The Spiders' Library

It’s been over a year since I’ve written in this blog. Since I’ve been away I’ve moved to London, got a job, and I’m now over halfway through my masters at UCL. This is essentially a quick note to say this blog will be up and running again this year! And a list of everything I read (completed) last year.

Like many people all over the internet and all over the world, last year I set myself the goal of reading 50 books. Quite arrogantly I thought this wouldn’t be an issue, and now here I am having to admit that I completed a total of 49 books. Crud.

I don’t have any reviews coming up on these and will probably continue my usual format this year, but if anyone would like an in-depth review of any of the books mentioned leave me a comment below!

In alphabetical order (by…

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Declaration of interest

My other twitter account @georgettedaily has been posting declarations of love and proposals of marriage from some of my favourite Georgette Heyer novels.

Screen Shot 2015-12-12 at 23.03.33

I realise that not everyone uses twitter (very wise, my friends, very wise. There be dragons!) so I thought I’d share the quotes on here. No attributions, so you have to guess which book. Enjoy! You can always put your answers in the comments, and as you’re a Georgette Heyer reader, I know I can trust you not to google.

  1. “I shall marry a wench out of a gaming-house with as much pomp and ceremony as I can contrive!”

  2. “You don’t feel you could marry me instead? Got no brains, of course and I ain’t a handsome fellow, like Jack, but I love you.”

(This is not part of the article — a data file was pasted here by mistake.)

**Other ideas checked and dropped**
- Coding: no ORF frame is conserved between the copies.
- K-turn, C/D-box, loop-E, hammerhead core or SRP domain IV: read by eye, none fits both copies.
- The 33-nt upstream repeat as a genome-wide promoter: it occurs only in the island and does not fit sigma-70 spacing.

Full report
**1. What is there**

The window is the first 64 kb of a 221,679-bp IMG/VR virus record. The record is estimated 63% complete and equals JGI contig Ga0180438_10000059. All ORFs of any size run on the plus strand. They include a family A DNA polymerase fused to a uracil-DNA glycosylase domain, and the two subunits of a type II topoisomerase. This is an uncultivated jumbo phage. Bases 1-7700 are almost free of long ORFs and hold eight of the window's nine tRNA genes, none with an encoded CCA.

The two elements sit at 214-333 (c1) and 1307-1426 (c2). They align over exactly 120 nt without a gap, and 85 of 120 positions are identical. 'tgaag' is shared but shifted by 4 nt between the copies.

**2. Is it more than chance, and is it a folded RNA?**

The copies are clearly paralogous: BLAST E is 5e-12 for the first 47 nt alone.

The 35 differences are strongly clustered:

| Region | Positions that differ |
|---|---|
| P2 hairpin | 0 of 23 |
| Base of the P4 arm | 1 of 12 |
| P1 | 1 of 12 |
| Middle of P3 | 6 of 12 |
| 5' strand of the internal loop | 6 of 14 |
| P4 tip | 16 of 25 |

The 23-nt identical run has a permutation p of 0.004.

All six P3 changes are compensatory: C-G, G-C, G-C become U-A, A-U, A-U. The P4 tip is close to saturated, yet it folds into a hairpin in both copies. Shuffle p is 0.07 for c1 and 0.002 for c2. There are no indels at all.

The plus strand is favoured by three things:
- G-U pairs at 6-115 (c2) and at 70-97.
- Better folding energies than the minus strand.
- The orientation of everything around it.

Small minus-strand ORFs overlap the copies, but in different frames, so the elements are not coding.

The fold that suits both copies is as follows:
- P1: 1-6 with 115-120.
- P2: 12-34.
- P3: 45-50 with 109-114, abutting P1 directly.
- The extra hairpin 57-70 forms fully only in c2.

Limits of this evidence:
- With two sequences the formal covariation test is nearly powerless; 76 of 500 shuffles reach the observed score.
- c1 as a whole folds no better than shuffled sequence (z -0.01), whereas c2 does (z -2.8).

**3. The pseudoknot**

3. “I love you, you know,” he said conversationally. “Will you marry me?”

  4. “To be honest with you,” she said, with the utmost gravity, “I have been meaning to marry you these 10 days and more.”

  5. “You have never bored me.” He possessed himself of her hands, and held them firmly. “The only woman I have ever known who has never done so.”

  6. “Little one,” he said, very low,”since you will stoop to wed me, I pledge you my word that you shall not in future have cause to regret it.”

  7. “For years I never gave marriage a thought. And then I met you, and loved you, and found that I was thinking of very little else!”

  8. “I am trying to tell you that I love you, and all you will say is that I have beautiful manners!”

  9. “Will you marry me, vile and abominable girl that you are?”  “Yes, but, mind, it is only to save my neck from being wrung!”

  10. “When you smile at me like that, it’s all holiday with me! Oh god, I love you to the edge of madness!”

Answers now available here.

Can Characters Change?

Sarah Emsley

Third in a series on rereading Jane Austen’s Pride and Prejudice. You can find Part One here and Part Two here.

Hugh Thomson's cover for P&P“People themselves alter so much, that there is something new to be observed in them for ever,” says Elizabeth Bennet to Mr. Darcy in Chapter 9 of Pride and Prejudice. She’s just admitted to Mr. Bingley that she is “a studier of character,” and she’s objecting to Mr. Darcy’s claim that “In a country neighbourhood you move in a very confined and unvarying society.” Even if you meet the same people all the time, Elizabeth suggests, the people are interesting because they’re always changing.

I love what Mrs. Bennet says here when she jumps into the conversation. After Elizabeth says, “people themselves alter so much,” her mother exclaims, “Yes, indeed … I assure you there is quite as much of that going on in the country…